Cohen crowds the K-Rock

By Michael Green
Contributor

38 years later, Leonard Cohen sings “Hallelujah” like it’s the first time in 1984.

The 78-year-old stopped at the K-Rock Centre last Thursday as part of his acclaimed 2012 Old Ideas tour.

A month ago, Metric had a crowd screaming and jumping on the ground floor of the K-Rock Centre. Meanwhile, Cohen had rows of chairs on the ground floor full of people sitting and admiring his musical talent. Not as loud, but still as fervently excited about the music.

The most noticeable quality of the concert was the respect the audience gave Cohen on what is supposed to be his last ever tour.

There was an elderly couple close to me who would give a standing ovation after every song with huge smiles on their faces, proving that Cohen has earned his status as a music legend with a solid fan base that have stayed with him through the years.

Someone beside me remarked that even though the crowd was sober, everyone was still so completely into the music.

Cohen returned the respect from his fans as well.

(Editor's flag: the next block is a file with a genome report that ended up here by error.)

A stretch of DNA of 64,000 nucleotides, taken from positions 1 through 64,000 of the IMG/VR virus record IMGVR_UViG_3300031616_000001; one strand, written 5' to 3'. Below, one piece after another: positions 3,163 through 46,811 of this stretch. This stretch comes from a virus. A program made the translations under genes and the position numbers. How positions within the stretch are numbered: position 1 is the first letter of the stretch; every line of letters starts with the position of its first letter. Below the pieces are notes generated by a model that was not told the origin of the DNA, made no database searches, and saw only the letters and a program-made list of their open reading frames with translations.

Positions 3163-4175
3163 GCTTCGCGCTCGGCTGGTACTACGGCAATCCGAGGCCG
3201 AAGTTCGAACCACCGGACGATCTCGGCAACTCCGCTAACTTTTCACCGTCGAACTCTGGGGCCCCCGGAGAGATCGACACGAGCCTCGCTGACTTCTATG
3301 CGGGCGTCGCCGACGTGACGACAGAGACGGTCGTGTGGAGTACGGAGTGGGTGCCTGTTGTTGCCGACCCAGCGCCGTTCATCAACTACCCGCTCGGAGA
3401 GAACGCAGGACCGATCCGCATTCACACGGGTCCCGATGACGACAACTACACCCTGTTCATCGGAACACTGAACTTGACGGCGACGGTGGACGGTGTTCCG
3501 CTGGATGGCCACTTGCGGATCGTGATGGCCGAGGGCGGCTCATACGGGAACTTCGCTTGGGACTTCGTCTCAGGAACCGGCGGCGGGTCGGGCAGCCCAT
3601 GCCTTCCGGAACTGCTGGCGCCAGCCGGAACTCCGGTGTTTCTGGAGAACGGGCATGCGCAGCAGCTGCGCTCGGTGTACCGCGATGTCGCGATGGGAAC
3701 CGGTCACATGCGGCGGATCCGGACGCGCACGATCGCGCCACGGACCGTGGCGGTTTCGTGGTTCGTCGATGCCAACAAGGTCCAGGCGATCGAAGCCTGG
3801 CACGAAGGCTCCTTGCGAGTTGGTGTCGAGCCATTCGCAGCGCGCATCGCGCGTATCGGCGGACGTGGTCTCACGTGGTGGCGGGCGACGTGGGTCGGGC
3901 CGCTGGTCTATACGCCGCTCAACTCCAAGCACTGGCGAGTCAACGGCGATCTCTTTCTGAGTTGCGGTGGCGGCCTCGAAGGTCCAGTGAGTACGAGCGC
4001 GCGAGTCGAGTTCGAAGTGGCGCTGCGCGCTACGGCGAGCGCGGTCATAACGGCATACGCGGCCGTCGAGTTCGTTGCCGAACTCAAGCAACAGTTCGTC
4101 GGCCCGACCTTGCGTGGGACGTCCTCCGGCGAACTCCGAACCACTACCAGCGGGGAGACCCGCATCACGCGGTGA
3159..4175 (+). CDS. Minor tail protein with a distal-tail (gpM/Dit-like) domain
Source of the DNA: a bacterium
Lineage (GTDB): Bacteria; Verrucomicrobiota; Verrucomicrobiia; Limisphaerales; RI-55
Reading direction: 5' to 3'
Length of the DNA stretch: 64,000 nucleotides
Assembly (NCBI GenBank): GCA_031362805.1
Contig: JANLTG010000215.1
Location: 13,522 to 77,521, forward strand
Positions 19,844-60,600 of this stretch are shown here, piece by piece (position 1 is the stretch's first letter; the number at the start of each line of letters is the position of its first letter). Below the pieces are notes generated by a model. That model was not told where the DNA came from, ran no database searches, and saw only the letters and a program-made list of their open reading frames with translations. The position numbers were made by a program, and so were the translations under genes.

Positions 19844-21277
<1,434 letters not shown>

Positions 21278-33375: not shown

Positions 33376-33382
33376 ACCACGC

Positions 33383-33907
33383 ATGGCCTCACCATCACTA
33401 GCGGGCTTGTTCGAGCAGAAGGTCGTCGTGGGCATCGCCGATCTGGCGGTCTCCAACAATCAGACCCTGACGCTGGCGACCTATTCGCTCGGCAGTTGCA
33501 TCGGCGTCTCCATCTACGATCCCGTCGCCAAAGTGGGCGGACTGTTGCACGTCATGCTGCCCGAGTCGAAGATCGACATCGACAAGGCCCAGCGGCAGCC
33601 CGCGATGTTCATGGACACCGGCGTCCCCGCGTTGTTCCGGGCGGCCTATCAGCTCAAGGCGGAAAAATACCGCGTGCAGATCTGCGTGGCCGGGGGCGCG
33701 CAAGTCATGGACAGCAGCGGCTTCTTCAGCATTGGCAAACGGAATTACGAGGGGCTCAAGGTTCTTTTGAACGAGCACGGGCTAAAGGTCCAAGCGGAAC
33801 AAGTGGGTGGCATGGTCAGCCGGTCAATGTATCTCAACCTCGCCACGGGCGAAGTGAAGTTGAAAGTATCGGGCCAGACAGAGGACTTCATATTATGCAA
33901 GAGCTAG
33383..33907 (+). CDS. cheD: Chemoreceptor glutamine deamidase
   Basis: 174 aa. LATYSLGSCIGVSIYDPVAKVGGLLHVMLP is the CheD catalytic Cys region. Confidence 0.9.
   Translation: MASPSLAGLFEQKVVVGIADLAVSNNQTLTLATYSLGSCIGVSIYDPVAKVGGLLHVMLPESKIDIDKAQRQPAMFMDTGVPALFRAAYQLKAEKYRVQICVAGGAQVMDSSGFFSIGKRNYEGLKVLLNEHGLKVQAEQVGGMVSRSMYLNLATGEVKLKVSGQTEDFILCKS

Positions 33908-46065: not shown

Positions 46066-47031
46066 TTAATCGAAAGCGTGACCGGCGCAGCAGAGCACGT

When the lights focused on Sharon Robinson, one of the back-up female vocalists on the tour, and she did a solo of “Alexandra Leaving,” Leonard Cohen tipped his hat to her.

While the audience might have been more mature, the concert was not tame by any means. It was the first concert I’ve been to where all the floor seats were filled with older people – it looks as though Cohen wasn’t in any danger of any scandalous flashing happening from his female fans.

He still sang all the frank songs of passion that made him so popular throughout his career.

“You told me you preferred attractive men, but for me you’d make an exception,” Cohen sang to a nameless woman who “gave him head” long ago. That was accompanied by many hoots from the crowd.

“Lover Lover Lover” was the most captivating song of the night and had the crowd singing along to his weathered hands masterfully playing his guitar.

Even though it was full of lyrics imbued with old longing for a lover, there was nothing tired about it.

Leonard Cohen swayed to his own music, and sang the chorus with ease along with his fedora-clad back-up band.

Cohen’s status as a music icon is well-deserved. His love of music is so obvious as he gets down on his knees to sing the majority of his songs. The audience feels every deep emotion along with the singer.

There were tremendous amounts of applause at the end of the show and Leonard Cohen called out, “Where did you guys learn this compassion? Was it taught at Queen’s or RMC?” which only helped inspire more applause.

At the end, I found myself standing along with that same elderly couple giving Leonard Cohen a standing ovation.

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